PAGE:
Parents Evening

7 03 2013

Parents Evening

I have just returned from an extremely frustrating parents evening at school. It is an opportunity for me to provide the parents with an update on ther childs attainment, progress and effort. Right now I am feeling a little intollerant of these events; perhaps it’s because I am tired, feeling overwhelmed as Acting Head of Department for Drama or maybe it’s the fact that it is the third consecutive Thursday doing a Parents Night that has inspired me to write this post.

Parents need to make their appointments wisely and the fact is – they dont. At my school there is a new online facility meaning parents can book appointments without any discussion with me. I work in a small department of three staff. The evening lasts for three hours and is broken into 5 minute slots. But some years I have taught up to 150 children in a year group. Appointments are only 5 minutes but even without taking a break I can only meet with 36 sets of parents – less than a quarter of those I teach.

I know which parents I want and need to speak to and as my subject is optional after Yr8 it is imperitive that I speak to parents of students considering pursuing their Drama studies furthur. In the past I have been able to advise students requesting appointments about whether it is important for me to see their parents or whether a simple phone call or email will suffice. The online booking system removes this option.

The “keen” parents book appointments with every teacher as soon as they have access to the system irrespective of whether they value the information and feedback. Some simply like to hear their child being praised, others are extremely pushy and want their child to excel at everything and some take it as an opportunity to resolve their own childhood experiences by blaming subject specialists for the failures of their child.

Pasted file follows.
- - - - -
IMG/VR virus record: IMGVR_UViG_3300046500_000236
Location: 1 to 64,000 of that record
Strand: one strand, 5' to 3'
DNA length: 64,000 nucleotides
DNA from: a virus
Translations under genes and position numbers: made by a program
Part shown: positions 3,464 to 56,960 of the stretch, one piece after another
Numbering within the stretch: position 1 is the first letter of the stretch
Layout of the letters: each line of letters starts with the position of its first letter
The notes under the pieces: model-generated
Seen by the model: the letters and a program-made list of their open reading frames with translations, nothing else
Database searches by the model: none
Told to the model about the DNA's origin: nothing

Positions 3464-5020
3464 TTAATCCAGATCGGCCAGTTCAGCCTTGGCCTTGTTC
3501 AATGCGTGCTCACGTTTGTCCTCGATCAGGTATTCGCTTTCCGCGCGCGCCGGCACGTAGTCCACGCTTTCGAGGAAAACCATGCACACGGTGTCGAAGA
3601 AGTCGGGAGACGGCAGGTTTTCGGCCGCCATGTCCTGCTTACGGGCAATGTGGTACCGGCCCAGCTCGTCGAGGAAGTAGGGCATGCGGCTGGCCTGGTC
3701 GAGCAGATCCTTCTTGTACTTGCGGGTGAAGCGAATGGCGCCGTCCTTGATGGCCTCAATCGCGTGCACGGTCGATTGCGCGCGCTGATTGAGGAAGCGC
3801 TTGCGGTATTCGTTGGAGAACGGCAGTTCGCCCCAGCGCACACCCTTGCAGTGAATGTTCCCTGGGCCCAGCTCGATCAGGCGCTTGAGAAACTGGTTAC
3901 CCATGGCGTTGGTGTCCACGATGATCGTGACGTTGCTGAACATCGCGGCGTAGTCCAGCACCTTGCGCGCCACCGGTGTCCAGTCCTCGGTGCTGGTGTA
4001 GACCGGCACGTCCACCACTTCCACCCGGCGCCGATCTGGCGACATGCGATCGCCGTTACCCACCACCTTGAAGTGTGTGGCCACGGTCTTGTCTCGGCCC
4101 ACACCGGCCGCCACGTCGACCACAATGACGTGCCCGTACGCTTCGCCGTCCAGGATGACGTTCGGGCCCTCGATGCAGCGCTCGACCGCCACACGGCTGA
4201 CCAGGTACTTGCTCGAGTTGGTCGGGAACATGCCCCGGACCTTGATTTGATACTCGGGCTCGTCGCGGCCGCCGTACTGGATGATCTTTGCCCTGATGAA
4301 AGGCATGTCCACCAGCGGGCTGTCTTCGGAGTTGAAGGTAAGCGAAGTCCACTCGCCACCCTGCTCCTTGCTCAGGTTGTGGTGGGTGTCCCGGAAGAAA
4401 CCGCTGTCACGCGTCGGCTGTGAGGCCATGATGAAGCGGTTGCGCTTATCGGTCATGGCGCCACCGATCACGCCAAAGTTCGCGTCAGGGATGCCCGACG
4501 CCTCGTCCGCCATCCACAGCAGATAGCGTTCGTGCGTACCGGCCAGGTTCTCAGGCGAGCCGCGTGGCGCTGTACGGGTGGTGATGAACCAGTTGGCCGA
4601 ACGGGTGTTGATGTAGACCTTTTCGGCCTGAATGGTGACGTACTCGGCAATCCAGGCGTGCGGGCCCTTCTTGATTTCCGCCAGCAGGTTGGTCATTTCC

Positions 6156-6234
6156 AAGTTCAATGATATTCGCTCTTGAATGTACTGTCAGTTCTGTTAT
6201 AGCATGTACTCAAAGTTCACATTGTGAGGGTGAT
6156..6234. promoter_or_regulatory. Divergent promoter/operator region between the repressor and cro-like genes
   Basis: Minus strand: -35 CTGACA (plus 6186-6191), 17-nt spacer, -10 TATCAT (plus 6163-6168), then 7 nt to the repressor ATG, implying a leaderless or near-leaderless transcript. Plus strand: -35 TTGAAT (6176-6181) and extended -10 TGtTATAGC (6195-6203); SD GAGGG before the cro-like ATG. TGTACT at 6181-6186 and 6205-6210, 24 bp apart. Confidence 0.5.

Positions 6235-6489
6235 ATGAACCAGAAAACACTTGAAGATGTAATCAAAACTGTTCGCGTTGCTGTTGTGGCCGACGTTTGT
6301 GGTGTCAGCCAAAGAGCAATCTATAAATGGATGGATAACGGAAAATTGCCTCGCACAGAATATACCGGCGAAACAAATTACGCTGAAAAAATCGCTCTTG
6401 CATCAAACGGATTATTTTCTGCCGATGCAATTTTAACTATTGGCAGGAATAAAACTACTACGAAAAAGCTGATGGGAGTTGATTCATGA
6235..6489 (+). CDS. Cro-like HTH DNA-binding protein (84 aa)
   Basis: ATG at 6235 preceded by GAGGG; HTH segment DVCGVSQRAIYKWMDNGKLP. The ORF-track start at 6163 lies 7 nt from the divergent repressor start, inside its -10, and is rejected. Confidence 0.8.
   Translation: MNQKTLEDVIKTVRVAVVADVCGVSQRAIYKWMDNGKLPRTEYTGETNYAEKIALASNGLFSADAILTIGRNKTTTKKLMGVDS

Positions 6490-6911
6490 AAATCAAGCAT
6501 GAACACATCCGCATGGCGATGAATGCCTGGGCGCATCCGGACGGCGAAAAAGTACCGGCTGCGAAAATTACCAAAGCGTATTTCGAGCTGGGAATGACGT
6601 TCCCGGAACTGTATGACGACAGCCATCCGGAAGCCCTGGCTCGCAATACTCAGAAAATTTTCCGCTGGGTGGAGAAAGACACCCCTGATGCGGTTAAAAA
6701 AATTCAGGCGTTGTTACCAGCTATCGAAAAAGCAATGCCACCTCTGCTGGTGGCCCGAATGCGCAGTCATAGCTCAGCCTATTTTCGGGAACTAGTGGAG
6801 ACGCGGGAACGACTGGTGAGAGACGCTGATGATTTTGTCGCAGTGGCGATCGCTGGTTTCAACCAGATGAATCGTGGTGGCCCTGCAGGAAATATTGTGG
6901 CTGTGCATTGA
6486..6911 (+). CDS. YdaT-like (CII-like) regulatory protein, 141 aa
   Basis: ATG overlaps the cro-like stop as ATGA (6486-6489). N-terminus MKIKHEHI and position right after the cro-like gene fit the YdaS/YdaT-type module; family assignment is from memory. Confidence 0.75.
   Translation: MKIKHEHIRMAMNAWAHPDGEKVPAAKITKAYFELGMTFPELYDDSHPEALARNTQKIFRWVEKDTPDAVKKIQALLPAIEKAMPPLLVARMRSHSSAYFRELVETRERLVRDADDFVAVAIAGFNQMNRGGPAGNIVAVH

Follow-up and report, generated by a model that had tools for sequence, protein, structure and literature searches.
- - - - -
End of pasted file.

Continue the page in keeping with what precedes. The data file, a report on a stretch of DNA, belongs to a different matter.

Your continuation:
I have created the following guidlines to help parents work out whether an appointment is actually necessary on parents evening:

Poor reasons to book a parents evening appointment with a subject teacher:

  • I am your childs favourite teacher – this is always lovely to hear – but you could just email me.
  • You list all of your childs teachers and book appointments with all of them because you think you have to – you don’t so  be selective!
  • You want to ask about how much homework they should have – this is a converstaion for the head of year or pastoral staff who can see the bigger picture.
  • Your child has told you I have an accent and you want to play “guess where I am from” – just ask in a lesson – its not a secret!